Suicides in Philadelphia rose sharply last year, a disturbing statistic that experts say they are trying to understand.

The 32 percent increase in self-inflicted deaths reflects higher numbers at virtually every age and among nearly all racial and ethnic groups.

Whites and men - particularly young and middle-aged men - make up the vast majority of cases. Women were up the most by percentage.

"We are concerned," said Deputy Mayor and Health Commissioner Donald Schwarz, who called the increase "extraordinary."

The police and the medical examiner "are looking at both the method of suicide and the circumstances of suicide," he said.

Job losses can push people over the edge. But the economic downturn really worsened toward the end of 2008, a pattern that is not fully reflected by the statistics. And no other county around the region experienced such an increase.

It could turn out to be a one-year anomaly. Still, the 196 suicides in 2008 are more than half the number of homicides recorded that year.

Homicides have been the subject of intense media coverage and public outrage.

Suicides often go unnoticed.

"Part of our work has been to convince communities that don't think they have a gun problem that they do, and part of the problem is that people are shooting themselves," said Charles Branas, an associate professor of epidemiology at the University of Pennsylvania who has studied suicide and homicide here and nationally.

"They don't think there is a problem because there is no public scrutiny."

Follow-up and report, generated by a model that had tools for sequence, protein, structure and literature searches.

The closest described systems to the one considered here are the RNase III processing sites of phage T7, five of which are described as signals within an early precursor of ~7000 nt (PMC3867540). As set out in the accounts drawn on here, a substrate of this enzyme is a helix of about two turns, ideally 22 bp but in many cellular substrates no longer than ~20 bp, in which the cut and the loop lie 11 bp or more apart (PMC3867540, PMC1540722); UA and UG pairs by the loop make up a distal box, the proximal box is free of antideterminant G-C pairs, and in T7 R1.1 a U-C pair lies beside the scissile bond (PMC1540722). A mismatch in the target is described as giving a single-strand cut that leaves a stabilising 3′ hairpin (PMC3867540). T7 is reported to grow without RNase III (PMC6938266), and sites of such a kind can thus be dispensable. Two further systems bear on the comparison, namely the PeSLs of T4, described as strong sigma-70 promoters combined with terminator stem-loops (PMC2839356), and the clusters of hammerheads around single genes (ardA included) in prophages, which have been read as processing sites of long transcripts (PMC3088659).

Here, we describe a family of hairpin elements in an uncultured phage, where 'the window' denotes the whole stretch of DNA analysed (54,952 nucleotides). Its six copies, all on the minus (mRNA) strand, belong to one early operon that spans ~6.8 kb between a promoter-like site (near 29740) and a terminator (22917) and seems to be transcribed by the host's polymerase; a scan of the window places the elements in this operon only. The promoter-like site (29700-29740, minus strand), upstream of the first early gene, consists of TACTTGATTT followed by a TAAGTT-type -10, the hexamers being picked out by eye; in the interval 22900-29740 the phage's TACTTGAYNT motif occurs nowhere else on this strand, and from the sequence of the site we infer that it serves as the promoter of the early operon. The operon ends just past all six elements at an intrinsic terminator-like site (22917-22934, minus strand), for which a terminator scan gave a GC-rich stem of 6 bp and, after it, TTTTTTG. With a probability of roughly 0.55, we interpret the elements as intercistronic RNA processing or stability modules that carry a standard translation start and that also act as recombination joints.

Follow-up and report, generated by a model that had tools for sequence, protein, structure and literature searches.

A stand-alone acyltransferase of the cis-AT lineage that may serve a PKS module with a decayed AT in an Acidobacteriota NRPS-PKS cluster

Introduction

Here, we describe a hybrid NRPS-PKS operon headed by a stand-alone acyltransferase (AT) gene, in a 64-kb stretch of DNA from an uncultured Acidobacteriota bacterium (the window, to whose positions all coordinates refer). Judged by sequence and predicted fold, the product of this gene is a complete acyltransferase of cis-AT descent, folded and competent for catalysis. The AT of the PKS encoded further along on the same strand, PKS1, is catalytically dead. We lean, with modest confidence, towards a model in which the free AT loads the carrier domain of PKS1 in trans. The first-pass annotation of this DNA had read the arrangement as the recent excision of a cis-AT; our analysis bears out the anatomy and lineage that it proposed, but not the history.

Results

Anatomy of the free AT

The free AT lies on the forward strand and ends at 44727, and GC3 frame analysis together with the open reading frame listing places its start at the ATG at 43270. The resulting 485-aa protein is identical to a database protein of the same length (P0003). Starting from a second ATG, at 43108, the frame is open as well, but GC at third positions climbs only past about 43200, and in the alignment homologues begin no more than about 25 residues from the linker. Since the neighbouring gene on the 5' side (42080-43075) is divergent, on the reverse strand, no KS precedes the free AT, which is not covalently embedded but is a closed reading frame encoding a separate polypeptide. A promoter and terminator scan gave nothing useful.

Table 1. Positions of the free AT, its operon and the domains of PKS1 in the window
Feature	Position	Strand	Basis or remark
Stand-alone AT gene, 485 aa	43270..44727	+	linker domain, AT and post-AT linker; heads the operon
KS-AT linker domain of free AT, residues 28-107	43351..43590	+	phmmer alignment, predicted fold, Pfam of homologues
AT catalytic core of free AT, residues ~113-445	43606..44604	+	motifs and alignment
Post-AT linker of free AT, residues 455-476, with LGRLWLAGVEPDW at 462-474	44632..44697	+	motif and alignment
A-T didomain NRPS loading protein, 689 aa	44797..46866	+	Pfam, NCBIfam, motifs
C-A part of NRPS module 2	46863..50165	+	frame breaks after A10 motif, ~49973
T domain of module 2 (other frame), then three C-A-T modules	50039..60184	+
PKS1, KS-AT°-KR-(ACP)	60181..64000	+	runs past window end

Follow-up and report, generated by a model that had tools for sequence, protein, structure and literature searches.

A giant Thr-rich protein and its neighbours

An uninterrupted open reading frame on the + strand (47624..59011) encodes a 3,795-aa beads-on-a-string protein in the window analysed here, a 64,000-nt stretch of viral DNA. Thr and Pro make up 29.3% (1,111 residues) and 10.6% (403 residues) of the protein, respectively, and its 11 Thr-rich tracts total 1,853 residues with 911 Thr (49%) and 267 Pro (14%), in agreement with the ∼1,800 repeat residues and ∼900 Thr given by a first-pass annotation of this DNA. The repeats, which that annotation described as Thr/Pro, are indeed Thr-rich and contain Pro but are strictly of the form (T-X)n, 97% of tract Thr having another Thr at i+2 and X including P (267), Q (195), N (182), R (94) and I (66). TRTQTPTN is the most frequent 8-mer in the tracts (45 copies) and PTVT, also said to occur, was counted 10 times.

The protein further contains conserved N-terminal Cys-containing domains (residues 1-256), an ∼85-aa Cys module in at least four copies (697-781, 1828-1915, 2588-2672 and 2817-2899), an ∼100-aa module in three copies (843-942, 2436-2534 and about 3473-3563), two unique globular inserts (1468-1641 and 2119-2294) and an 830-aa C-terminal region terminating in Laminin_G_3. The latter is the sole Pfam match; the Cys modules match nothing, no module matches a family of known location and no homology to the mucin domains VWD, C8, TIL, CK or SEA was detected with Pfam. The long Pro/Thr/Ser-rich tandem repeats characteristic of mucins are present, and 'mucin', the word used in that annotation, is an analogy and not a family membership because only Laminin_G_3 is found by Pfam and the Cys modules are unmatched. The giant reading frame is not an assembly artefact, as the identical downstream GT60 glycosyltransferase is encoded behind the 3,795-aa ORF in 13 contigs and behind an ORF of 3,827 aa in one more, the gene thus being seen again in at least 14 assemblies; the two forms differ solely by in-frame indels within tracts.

Firearms account for about 41 percent of the city's suicides. That's lower than the national average of more than 50 percent.

While cities may have a reputation for violence, experts say, their rates of gun ownership are lower than elsewhere; firearms are the most lethal method available.

These are among the surprises that emerge from a look at the city's 196 suicides last year, up from 148 in 2007.

Here's another: Adolescents in the city say they attempt to kill themselves nearly twice as often as their peers across the nation, said Brian Daly, director of the Philadelphia Youth Risk Behavior Survey. But they go through with it at rates well below the national average.

While psychologists and psychiatrists successfully treat suicidal patients, preventing suicides across a broad population is difficult. There is no equivalent to the laboratory test for the flu, which both tells a doctor how to treat a patient and alerts public health authorities to prepare for spreading disease.

Experts say a number of conditions or circumstances are linked to suicide, and a combination of them - often triggered by sudden change such as divorce, relocation or death of a loved one - makes people most vulnerable. Research shows that dramatic news media coverage of suicide can be a trigger as well.

"Depression, especially for the older adult population, and then drug and alcohol use are major risk factors," said Gregory K. Brown, a psychology researcher at Penn's Center for the Treatment and Prevention of Suicide.

Higher income tends to make suicide less likely. Isolation - from friends, church and community - makes it more likely.

That may help explain why New Jersey, the most urbanized and one of the wealthiest states in the nation, has among the lowest rates of suicide.

Major metro areas such as Philadelphia usually are at or below the national rate. Rural communities are highest.